September 11, 2012 > Rabies... a worldwide threat!
Rabies... a worldwide threat!
Rabies! Instantly we picture a wild animal or even a domestic dog, foam slathering from its mouth as it prepares to attack. This killer virus raises its head every year always waiting for an opportunity to strike. Modern medicine has come close to eradicating this disease, but it's not gone yet!
According to Alameda County Vector Control, two bats tested positive for rabies on July 25, 2012 and July 31, 2012. This is the third and fourth bat infected with rabies virus in Alameda County this year.
Rabies virus acquired from bats has caused most human rabies cases in California. Bats are the leader in transmission of rabies to humans, followed by skunks, then foxes, and finally cats and dogs, which are very rare.
Of all diseases known to man, rabies is perhaps one of the scariest and most fatal diseases. Rabies has caused panic and fear of animals by humans, and has resulted in severe dog phobias. These phobias are most prevalent in immigrant communities from Asia and Africa, who have witnessed rabid dogs who've gone wild and bitten individuals.
In North America we are extremely lucky. Vaccinations have practically eliminated the threat of rabies from our domestic animals. Ongoing programs using oral rabies vaccines for wildlife are attempting to halt the spread of rabies among raccoons, skunks and foxes.
According to the Alliance for Rabies Control, 55,000 people die from rabies each year around the world, mainly in Asia and Africa - an unfortunate statistic - because with appropriate medical care, rabies in humans is 100% preventable. An even sadder fact is a large percentage of deaths are children. More than 100 children die from rabies worldwide every day. Overall, one person is killed by this disease every 10 minutes!
Rabies is a viral disease that can affect any warm-blooded animal; however, our close association with dogs brings this killer home to our families. After development of an effective vaccination program for our pets and a post-exposure rabies vaccine for people, rabies cases in humans began to drop significantly in Western countries. Within the last decade, less than three-dozen people have died from rabies in the United States. The majority of these deaths were attributable to bat or dog bites from outside the United States. This dramatic decrease has prompted the CDC to announce canine rabies "extinct" in the U.S.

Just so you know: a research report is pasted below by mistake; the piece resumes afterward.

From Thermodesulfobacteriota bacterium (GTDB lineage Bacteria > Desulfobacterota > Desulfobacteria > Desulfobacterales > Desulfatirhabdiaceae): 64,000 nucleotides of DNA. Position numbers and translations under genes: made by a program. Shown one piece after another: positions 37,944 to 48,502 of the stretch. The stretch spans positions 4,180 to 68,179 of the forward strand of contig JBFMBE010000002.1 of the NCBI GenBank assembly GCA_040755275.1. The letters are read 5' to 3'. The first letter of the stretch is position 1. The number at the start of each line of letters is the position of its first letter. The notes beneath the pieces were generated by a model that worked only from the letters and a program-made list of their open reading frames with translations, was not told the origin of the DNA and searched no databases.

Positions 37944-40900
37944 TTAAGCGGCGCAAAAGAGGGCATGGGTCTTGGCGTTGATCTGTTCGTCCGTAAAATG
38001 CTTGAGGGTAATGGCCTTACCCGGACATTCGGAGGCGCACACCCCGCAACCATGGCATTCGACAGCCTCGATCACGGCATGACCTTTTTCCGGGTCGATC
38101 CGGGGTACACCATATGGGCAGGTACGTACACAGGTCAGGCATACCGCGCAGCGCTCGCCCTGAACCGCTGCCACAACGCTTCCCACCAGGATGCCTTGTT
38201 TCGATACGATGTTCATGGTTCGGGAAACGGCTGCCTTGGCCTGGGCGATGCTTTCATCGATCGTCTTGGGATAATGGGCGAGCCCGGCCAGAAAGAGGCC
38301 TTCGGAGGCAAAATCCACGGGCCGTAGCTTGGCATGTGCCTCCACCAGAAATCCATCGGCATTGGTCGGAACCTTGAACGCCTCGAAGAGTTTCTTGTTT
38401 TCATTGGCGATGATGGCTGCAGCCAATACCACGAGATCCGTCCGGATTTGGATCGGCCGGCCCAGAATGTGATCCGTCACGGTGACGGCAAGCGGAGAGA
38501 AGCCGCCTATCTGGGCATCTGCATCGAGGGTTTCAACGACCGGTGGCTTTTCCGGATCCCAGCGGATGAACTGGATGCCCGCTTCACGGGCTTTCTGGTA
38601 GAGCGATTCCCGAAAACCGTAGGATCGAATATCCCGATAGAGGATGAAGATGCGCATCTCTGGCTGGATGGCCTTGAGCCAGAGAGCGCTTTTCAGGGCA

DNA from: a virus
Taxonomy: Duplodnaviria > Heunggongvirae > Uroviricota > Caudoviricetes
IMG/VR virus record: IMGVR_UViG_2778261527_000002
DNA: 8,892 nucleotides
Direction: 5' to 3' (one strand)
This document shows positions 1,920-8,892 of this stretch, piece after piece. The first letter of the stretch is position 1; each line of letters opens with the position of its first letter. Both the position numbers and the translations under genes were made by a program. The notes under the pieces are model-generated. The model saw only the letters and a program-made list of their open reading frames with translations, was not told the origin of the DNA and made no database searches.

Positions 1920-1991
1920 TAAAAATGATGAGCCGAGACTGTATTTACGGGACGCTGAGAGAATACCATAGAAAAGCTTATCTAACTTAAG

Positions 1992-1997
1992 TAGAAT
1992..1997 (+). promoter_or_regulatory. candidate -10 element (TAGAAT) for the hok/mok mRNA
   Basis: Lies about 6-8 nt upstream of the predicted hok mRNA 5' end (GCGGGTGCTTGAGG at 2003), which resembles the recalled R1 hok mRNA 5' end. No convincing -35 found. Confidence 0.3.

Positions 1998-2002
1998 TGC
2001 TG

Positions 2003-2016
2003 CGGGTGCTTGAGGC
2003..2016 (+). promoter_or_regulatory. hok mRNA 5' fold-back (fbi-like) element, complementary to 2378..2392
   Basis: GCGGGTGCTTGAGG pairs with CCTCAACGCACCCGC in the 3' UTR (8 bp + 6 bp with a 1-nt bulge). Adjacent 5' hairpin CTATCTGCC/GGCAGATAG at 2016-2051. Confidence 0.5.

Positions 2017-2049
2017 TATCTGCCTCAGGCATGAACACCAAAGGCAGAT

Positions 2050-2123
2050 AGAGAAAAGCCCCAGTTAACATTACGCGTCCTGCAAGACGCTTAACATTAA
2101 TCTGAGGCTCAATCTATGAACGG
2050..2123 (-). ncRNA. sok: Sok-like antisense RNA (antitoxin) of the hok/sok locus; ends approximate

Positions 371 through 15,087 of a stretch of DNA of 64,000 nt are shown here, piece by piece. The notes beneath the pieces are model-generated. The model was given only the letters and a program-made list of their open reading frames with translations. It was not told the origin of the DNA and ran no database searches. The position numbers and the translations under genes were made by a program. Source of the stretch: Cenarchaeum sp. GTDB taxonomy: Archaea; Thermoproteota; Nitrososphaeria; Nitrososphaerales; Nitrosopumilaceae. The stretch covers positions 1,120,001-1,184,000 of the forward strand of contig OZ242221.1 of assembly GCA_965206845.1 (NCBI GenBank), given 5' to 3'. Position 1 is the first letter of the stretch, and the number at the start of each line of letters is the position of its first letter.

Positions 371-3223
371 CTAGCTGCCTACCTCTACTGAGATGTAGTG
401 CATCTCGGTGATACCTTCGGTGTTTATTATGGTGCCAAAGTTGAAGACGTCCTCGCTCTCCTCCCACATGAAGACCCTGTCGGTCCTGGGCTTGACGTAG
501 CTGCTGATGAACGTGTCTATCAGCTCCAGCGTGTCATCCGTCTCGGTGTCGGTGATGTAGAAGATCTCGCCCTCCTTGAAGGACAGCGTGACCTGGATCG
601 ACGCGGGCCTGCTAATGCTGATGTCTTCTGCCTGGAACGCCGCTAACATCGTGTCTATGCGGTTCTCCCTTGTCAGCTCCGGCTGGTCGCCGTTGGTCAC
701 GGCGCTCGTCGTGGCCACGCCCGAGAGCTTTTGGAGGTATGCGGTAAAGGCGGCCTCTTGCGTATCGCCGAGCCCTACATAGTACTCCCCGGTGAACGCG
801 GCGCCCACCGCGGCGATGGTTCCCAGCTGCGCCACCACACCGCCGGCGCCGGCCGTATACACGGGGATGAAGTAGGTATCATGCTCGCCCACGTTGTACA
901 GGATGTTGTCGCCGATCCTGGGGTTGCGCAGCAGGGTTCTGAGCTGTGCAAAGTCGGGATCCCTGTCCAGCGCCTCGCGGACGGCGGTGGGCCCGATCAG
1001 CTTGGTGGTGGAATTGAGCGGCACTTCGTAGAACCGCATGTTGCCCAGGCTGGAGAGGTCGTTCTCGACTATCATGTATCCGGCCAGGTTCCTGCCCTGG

"There are many people today who remember rabid dogs in the streets of their neighborhoods," says Dr. Sandy Norman, a veterinarian with the Indiana Board of Animal Health. She warns that pet owners should continue vaccinating their pets, especially in light of the CDC announcement. "It is only through continued vigilance that we will maintain that status," she says. "There is a huge reservoir of rabies among wildlife and it is not unimaginable that those strains could infect our pets."
Additionally, world travel could allow someone to unknowingly bring home a rabid pet. Recently, several British animal rescuers underwent prophylactic rabies vaccines. A puppy imported from Sri Lanka bit all of them and later, was found to be rabid.
Here in the United States, more than 20,000 prophylactic doses of human rabies vaccines are given annually. Keeping yourself safe from rabies is easy by following a few simple steps:
First, have your pet vaccinated at four months of age for rabies. Then, repeat the vaccination in a year, and then every three years thereafter.
Second, avoid contact with wildlife. Rabies still exists in wild animals. Never attempt to remove a wild animal from your property without professional help. Be especially wary of bats. Most human rabies cases in North America are the result of a bat bite.
Finally, the Alliance asks that you tell your friends how rabies impacts lives around the world. Encourage neighbors and fellow pet owners to vaccinate all of their pets. Rabies can be controlled and potentially even eliminated in many parts of the world.
Dr Raj Salwan is a second generation Veterinarian and has been around Veterinary Medicine for over 26 years. His interests include Internal Medicine, Surgery, Emergency/Acute Care, and general small animal practice. He currently works at American Animal Care in Fremont and can be reached via email at firstname.lastname@example.org or www.americananimalcare.com.